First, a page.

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Article
Publication date: 3 May 2016

Carole B. Sox, Jeffrey M. Campbell, Sheryl F. Kline, Sandra K. Strick and Tena B. Crews

This paper aims to examine generational formative referents as factors that influence meeting attendees’ adoption and technology use within virtual and hybrid meetings, and test…

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Abstract

Purpose

This paper aims to examine generational formative referents as factors that influence meeting attendees’ adoption and technology use within virtual and hybrid meetings, and test the applicability of the technology acceptance model (TAM) as presented by Davis (1986). This study investigates how attendees’ experiences from their respective formative years (i.e. generational formative referents), the basis of the Generational Cohort Theory (GCT), influence the TAM model constructs.

Design/methodology/approach

A partial least squares analysis test is utilized to determine technology acceptance within meetings across three generations: Baby Boomers (1946-1964), Generation X (1965-1978) and Generation Y (1979-2000).

Findings

The multi-group comparison determined all three generations responded similarly with regard to the paths being tested, indicating each of the three generational cohorts within this study are influenced by the experiences of their formative years, which are different for each generation.

Research limitations/implications

The findings add to the limited foundation for scholars wanting to further analyze technology use within meetings, and for those interested in generational influences.

Practical implications

This study provides useful information for marketers and planners to increase meeting attendance, enhance attendee satisfaction, and further explore meeting engagement opportunities.

Originality/value

Underpinning the GCT, this study is the first within hospitality and tourism studies to investigate a theoretical model on generational technology use within meetings.

Details

Journal of Hospitality and Tourism Technology, vol. 7 no. 2
Type: Research Article
ISSN: 1757-9880

Keywords

Book part
Publication date: 30 December 2004

Michael S. Alvard and Allen Gillespie

Data are presented on the benefits and costs that accrue to big game hunters living in the whaling community of Lamalera, Indonesia. Results indicate that big game hunting…

Abstract

Data are presented on the benefits and costs that accrue to big game hunters living in the whaling community of Lamalera, Indonesia. Results indicate that big game hunting provides males a strong selective advantage. Harpooners, and to a lesser degree hunters in general, reap substantial fitness benefits from their activities. Hunters, especially harpooners, have significantly more offspring than other men after controlling for age. Hazard analysis shows that harpooners marry significantly earlier and start reproducing at an earlier age. This is not case for other hunt group members or non-hunting participants – the technicians and the boat managers. These results are consistent with data from other hunting societies that show significant reproductive benefits for good hunters. Harpooners experience other costs and benefits. Harpooners receive significantly more meat even after controlling for the effort they expend hunting, while at the same time suffer an increased risk of mortality. The results are discussed in the context of the hunting hypothesis and the current debate within human behavioral ecology concerning the role of hunting as a human male reproductive strategy.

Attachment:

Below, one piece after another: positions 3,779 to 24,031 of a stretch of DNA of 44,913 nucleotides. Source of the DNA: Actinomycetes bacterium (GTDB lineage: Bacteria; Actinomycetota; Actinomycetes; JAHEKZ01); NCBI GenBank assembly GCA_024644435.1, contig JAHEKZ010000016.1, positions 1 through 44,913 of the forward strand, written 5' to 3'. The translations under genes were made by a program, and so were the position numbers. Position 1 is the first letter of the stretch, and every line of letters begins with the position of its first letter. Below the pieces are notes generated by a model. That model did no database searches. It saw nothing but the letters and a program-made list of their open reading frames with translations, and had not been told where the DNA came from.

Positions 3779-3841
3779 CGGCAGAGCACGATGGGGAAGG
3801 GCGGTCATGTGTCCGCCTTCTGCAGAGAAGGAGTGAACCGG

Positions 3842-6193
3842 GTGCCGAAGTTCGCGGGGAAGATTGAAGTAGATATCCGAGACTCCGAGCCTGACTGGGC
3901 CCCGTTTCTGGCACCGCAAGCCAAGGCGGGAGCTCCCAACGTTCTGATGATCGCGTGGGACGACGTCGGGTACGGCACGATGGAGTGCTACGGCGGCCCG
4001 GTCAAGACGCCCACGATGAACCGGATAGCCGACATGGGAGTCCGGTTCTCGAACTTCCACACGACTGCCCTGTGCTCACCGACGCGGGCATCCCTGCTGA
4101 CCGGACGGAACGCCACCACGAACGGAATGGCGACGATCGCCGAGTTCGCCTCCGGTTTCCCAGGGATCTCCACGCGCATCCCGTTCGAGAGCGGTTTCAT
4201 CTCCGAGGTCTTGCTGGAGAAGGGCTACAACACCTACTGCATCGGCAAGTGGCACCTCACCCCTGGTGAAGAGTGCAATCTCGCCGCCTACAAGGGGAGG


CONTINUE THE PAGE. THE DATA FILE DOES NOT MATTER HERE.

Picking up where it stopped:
Details

Socioeconomic Aspects of Human Behavioral Ecology
Type: Book
ISBN: 978-1-84950-255-9

Article
Publication date: 7 March 2016

M. Asjad, M.S. Kulkarni and O.P. Gandhi

Original equipment manufacturers (OEMs) start providing support to their products, that helped them in beating the competition across the worldwide. The unavailability of spares…

Abstract

Purpose

Original equipment manufacturers (OEMs) start providing support to their products, that helped them in beating the competition across the worldwide. The unavailability of spares and crews may also prolong the downtime of equipment, thereby affecting the systems’ performance. The spares and crews have as much effect on the systems’ performance as the design characteristics (i.e. reliability and maintainability). Thus, the OEMs required to extent the support to their products through maintenance, spares, crews, etc., so as to gain the customer satisfaction.

Design/methodology/approach

The mathematical model for spares, crews and support quality has been presented in this research work. The problem has been identified from the literature perspective for mechanical systems.

Findings

The model has been implemented on a real-life problem, in which the OEMs provide support to their make installed at compressed natural gas workstation in National Capital Region, India.

Originality/value

The research proposed in this work will be helpful to manufacturer, customer, academician, researcher, industrialist and any concerned person, to get the exhaustive benefits from the system.

Details

Journal of Engineering, Design and Technology, vol. 14 no. 1
Type: Research Article
ISSN: 1726-0531

Keywords

Article
Publication date: 12 October 2018

Ian Greatbatch, Robert J. Koester and Andrea L. Kleinsmith